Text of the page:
Posts Tagged ‘Political Strategy’

Is Scotland’s Radical Independence movement a Class act?

by Cailean Gallagher.

There was a touch of class about last weekend’s Radical Independence conference (RIC): slick presentation, businesslike suits, and bold stage-lighting that shone a pinkish tint on the pale faces that packed the Clyde Auditorium one bright November day. If the job was to give RIC a new sheen, the organisers can be pleased with the result. There […]

“We are the vote for hope”: Interview with Pablo Iglesias of Podemos

by Tom Gill.

He’s MEP of the European Left in the GUE-NGL grouping “that defends the dignity of the people and democracy”. He’s also leader of Spain’s Podemos movement, which to general surprise won 8% in the Continent-wide elections in May and is accredited in opinion polls today as the leading political force in the country with a […]

A tale of two Labour coups

by Jon Lansman.

Today’s Times (£) reports last night’s reshuffle as having been to prevent a coup (later clarified to say a “backbench coup“). The BBC are trying to give the story legs. There certainly was concern about the possible actions of two right-wing backbenchers to further undermine Ed Miliband’s leadership, and the reshuffle was designed to strengthen the small band […]

Labour’s crisis: It’s the sense of security, stupid

by Phil Burton-Cartledge.

At the start of the summer, prospective parliamentary candidates enjoyed a breakfast audience with His Royal Blairness. There was none of the “proper” post-prime ministerial coyness that our Tony normally pretends to. He was frank and open. Sort of. He was asked what he thought of Labour’s chances going into the next general election, to […]

How Labour can see off the Greens

by Phil Burton-Cartledge.

Political parties are always coalitions of interests, and nowhere is that truer than in our dear old Westminster parliament: practically the last bastion of winner-takes-all parliamentary elections in the world. All it takes to form a majority government is 325 seats, a feat that can be managed without winning an absolute majority of votes. And […]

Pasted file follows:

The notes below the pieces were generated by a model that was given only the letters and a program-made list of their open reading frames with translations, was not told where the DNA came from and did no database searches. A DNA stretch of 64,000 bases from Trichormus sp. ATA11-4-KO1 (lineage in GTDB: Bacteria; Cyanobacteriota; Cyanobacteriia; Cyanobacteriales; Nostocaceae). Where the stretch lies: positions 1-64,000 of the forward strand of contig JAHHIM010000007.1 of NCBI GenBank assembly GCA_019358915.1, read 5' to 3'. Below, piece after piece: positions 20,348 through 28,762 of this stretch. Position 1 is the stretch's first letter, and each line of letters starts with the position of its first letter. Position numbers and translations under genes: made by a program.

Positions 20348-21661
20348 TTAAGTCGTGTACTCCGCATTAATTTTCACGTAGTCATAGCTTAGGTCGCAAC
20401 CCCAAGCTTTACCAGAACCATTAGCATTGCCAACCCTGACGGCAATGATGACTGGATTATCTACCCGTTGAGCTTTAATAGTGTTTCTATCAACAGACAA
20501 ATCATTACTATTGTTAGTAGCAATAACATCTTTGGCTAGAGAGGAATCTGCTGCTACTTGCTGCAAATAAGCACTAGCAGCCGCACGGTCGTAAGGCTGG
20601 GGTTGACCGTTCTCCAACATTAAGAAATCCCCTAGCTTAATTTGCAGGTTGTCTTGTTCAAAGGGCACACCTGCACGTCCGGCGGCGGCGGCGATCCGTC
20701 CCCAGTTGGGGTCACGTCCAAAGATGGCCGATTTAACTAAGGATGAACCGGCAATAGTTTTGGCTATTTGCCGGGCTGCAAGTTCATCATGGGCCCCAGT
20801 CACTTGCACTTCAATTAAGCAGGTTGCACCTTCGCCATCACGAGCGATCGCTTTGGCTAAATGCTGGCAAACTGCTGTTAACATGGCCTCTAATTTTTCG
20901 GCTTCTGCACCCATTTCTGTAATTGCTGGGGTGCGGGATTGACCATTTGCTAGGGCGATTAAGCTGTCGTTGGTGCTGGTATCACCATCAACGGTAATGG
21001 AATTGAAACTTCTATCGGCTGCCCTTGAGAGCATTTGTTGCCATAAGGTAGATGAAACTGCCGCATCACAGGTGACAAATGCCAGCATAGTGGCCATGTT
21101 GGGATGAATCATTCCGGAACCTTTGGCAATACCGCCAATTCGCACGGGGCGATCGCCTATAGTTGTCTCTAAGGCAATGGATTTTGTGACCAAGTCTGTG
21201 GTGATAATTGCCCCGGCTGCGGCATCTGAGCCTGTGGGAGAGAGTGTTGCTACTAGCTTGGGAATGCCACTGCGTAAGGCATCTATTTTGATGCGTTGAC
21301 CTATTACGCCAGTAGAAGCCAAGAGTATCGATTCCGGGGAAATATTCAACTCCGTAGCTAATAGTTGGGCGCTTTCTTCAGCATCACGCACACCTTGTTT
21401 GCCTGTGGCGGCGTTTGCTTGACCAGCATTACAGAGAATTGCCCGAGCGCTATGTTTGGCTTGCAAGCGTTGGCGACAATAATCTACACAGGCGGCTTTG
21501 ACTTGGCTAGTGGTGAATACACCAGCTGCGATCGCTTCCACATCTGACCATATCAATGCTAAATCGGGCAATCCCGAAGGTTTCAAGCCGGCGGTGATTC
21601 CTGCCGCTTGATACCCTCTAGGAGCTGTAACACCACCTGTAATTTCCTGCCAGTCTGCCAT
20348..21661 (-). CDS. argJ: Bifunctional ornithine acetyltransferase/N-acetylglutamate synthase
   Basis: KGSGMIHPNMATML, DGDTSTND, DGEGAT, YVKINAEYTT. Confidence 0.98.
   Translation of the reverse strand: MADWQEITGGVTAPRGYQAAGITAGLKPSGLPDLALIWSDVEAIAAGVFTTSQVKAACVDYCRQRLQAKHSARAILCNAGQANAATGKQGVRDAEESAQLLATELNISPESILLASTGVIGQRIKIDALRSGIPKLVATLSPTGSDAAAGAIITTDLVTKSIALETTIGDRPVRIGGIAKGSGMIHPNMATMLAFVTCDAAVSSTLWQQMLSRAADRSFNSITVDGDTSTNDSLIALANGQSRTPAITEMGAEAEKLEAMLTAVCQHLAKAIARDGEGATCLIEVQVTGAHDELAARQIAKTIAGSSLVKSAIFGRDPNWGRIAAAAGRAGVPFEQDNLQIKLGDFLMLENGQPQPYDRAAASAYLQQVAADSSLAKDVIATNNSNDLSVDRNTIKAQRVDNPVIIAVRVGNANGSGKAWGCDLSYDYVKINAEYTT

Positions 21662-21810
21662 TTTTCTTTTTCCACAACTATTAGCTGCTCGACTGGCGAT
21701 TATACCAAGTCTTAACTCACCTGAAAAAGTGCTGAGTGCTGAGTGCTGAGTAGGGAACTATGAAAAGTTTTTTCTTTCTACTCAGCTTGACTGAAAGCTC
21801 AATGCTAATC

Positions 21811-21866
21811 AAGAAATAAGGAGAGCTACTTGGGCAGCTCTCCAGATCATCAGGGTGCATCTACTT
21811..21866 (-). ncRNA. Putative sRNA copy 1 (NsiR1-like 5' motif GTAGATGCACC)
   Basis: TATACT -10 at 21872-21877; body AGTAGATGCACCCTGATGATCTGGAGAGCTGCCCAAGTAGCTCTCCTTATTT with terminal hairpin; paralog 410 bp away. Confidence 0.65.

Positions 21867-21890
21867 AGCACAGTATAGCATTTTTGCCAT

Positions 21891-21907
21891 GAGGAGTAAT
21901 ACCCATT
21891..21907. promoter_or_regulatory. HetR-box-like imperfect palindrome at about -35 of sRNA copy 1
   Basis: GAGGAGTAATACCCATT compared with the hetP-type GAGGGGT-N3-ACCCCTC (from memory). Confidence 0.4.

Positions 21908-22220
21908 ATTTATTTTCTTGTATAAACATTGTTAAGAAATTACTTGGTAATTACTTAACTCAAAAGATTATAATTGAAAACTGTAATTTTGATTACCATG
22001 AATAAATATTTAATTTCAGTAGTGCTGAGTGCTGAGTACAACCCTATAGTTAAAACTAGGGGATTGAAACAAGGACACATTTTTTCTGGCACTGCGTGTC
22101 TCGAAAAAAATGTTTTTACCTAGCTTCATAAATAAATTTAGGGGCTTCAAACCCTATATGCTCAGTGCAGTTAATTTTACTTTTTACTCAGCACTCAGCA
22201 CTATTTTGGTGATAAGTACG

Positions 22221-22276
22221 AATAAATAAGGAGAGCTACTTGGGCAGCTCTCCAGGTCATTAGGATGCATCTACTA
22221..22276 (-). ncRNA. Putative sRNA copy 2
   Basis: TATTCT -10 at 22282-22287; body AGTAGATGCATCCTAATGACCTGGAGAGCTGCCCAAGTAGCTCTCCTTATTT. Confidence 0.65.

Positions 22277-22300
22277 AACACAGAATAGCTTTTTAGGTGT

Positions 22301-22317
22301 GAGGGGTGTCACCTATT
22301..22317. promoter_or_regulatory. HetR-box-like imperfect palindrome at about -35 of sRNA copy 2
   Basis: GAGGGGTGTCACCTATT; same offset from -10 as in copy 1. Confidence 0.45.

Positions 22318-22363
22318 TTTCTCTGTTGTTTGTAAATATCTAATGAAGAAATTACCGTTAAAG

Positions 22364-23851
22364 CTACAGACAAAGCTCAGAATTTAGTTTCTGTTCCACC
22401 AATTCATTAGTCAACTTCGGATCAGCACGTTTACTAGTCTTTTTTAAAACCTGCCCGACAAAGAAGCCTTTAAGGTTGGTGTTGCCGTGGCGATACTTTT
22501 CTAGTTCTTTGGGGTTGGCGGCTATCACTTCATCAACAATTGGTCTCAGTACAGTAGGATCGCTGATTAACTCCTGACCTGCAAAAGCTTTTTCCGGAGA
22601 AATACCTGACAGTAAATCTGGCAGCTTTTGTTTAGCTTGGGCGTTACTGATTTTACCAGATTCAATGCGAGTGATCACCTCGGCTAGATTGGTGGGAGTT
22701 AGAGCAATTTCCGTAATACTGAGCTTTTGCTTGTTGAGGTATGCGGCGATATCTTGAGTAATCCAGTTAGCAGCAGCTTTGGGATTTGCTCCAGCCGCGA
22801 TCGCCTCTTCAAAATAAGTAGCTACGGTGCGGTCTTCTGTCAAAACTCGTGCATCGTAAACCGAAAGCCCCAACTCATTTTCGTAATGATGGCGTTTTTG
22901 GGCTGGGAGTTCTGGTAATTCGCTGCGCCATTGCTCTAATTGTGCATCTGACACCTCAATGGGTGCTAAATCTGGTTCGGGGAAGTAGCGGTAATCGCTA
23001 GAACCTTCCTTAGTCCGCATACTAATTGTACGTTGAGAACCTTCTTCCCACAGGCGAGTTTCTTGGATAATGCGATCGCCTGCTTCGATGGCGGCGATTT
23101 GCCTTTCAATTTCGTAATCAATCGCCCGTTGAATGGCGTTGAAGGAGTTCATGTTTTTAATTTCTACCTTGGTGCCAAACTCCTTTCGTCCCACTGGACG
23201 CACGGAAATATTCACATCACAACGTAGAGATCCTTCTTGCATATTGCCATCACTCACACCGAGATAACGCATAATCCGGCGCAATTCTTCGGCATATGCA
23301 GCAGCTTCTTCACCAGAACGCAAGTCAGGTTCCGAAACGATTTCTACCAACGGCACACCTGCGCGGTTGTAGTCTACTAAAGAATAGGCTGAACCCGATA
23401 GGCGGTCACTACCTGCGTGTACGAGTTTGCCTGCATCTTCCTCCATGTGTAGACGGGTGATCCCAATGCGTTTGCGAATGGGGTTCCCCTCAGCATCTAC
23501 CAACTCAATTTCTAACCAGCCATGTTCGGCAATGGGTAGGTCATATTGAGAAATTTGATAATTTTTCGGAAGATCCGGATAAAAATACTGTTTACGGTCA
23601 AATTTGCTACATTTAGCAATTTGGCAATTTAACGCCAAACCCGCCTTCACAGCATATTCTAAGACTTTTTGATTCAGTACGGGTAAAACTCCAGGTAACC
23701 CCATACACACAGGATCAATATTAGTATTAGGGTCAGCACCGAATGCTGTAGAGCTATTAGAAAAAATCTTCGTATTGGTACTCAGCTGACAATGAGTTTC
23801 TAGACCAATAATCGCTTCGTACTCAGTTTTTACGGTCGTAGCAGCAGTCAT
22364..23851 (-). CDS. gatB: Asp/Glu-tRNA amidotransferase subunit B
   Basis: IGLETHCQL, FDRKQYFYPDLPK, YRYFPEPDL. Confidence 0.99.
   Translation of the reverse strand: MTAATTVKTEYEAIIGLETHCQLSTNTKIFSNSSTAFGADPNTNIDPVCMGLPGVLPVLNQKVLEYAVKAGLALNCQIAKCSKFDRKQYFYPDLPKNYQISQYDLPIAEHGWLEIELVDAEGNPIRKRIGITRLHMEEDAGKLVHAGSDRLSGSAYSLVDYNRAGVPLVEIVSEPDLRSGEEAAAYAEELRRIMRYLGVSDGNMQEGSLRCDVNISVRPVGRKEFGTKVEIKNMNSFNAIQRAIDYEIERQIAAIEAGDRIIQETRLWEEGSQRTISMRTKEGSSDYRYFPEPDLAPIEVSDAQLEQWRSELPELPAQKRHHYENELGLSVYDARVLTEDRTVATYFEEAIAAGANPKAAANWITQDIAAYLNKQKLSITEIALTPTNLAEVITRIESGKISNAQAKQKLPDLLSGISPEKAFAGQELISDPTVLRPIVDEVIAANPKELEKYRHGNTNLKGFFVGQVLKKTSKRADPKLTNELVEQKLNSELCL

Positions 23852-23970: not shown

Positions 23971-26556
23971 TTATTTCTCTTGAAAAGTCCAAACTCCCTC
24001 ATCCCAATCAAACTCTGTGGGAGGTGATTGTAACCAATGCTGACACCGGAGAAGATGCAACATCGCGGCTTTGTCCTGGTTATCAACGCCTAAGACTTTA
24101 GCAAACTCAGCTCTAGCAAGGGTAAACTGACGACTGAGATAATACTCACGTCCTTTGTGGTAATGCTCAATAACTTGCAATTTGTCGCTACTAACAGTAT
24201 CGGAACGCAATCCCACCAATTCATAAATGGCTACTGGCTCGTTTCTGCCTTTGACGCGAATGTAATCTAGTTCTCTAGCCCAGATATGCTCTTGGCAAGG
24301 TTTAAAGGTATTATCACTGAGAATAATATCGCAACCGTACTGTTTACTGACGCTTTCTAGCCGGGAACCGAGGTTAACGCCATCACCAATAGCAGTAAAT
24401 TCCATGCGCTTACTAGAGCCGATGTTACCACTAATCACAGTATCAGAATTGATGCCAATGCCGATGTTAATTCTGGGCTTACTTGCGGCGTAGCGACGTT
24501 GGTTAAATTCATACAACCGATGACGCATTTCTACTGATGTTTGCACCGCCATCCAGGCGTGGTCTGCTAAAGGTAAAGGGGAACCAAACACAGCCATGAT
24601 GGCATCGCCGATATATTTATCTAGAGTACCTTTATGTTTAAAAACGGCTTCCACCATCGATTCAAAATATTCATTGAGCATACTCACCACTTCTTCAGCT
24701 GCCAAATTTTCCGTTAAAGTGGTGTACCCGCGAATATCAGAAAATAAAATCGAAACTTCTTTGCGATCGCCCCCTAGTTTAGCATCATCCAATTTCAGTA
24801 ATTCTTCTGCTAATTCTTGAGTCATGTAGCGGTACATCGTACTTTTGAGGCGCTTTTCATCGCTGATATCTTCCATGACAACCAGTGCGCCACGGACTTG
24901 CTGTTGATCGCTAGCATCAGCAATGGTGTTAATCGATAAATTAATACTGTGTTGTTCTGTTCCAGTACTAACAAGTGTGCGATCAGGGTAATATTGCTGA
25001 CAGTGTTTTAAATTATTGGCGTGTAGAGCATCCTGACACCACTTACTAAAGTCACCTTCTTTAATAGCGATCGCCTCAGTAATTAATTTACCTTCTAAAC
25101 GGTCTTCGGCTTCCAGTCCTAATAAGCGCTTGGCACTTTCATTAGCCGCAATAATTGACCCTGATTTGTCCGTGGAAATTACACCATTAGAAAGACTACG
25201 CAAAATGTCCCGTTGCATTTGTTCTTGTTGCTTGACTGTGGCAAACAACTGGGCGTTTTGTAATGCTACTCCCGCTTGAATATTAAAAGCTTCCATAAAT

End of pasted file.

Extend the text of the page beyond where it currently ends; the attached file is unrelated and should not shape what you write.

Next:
A revolution of the mind: why Labour must target young voters

by Daniel McAteer.

In the 1964 general election, turnout for 20-24 year olds (18 year olds couldn’t vote until 1969) was 77%, the same as the turnout for those aged over 65. In 2010 however turnout for 18-24 year olds was just 52%, yet for those aged 65+ it was 75%. We are all familiar with the story; ‘there […]

Making it another 1945

by Bryan Gould.

Steve Richards (David Cameron will lose the battle of ideas if he keeps firing 1979’s bullets) is right to say in The Guardian (and Ed Miliband obviously agrees with him) that next year’s election will not, and should not, be decided by personality politics.  So what is it that will determine the voters’ preferences? It would […]

The lesson of Hetton and the basis of a new vision for the British working class

by Dave Anderson.

I write this as the immensely proud Member of Parliament for Blaydon. I write it in the aftermath of what has been described as a political earthquake and I write it based on four decades of activity in the Labour movement alongside 36 years of working in coal mining and as a care worker in […]

TUSC’s exercises in self-deception

by Phil Burton-Cartledge.

Under-appreciated they may be, but local elections are a vital component of any party-building project. UKIP certainly accept this wisdom. They know that a base in local government can give them a foundation on which to build. And theirs is an ambitious project. It’s not about taking Britain out of the EU, but replacing the Tories. As such, […]

Lazy thinking and the election results

by Phil Burton-Cartledge.

Some points challenging the avalanche of lazy thinking tumbling off Mt Politics about the local election results. Complacency, part one. UKIP did very well, they won 161 seats. It is very silly, as some do, to bang on about the party having zero MPs and not winning any councils. Outside of London, UKIP have put […]

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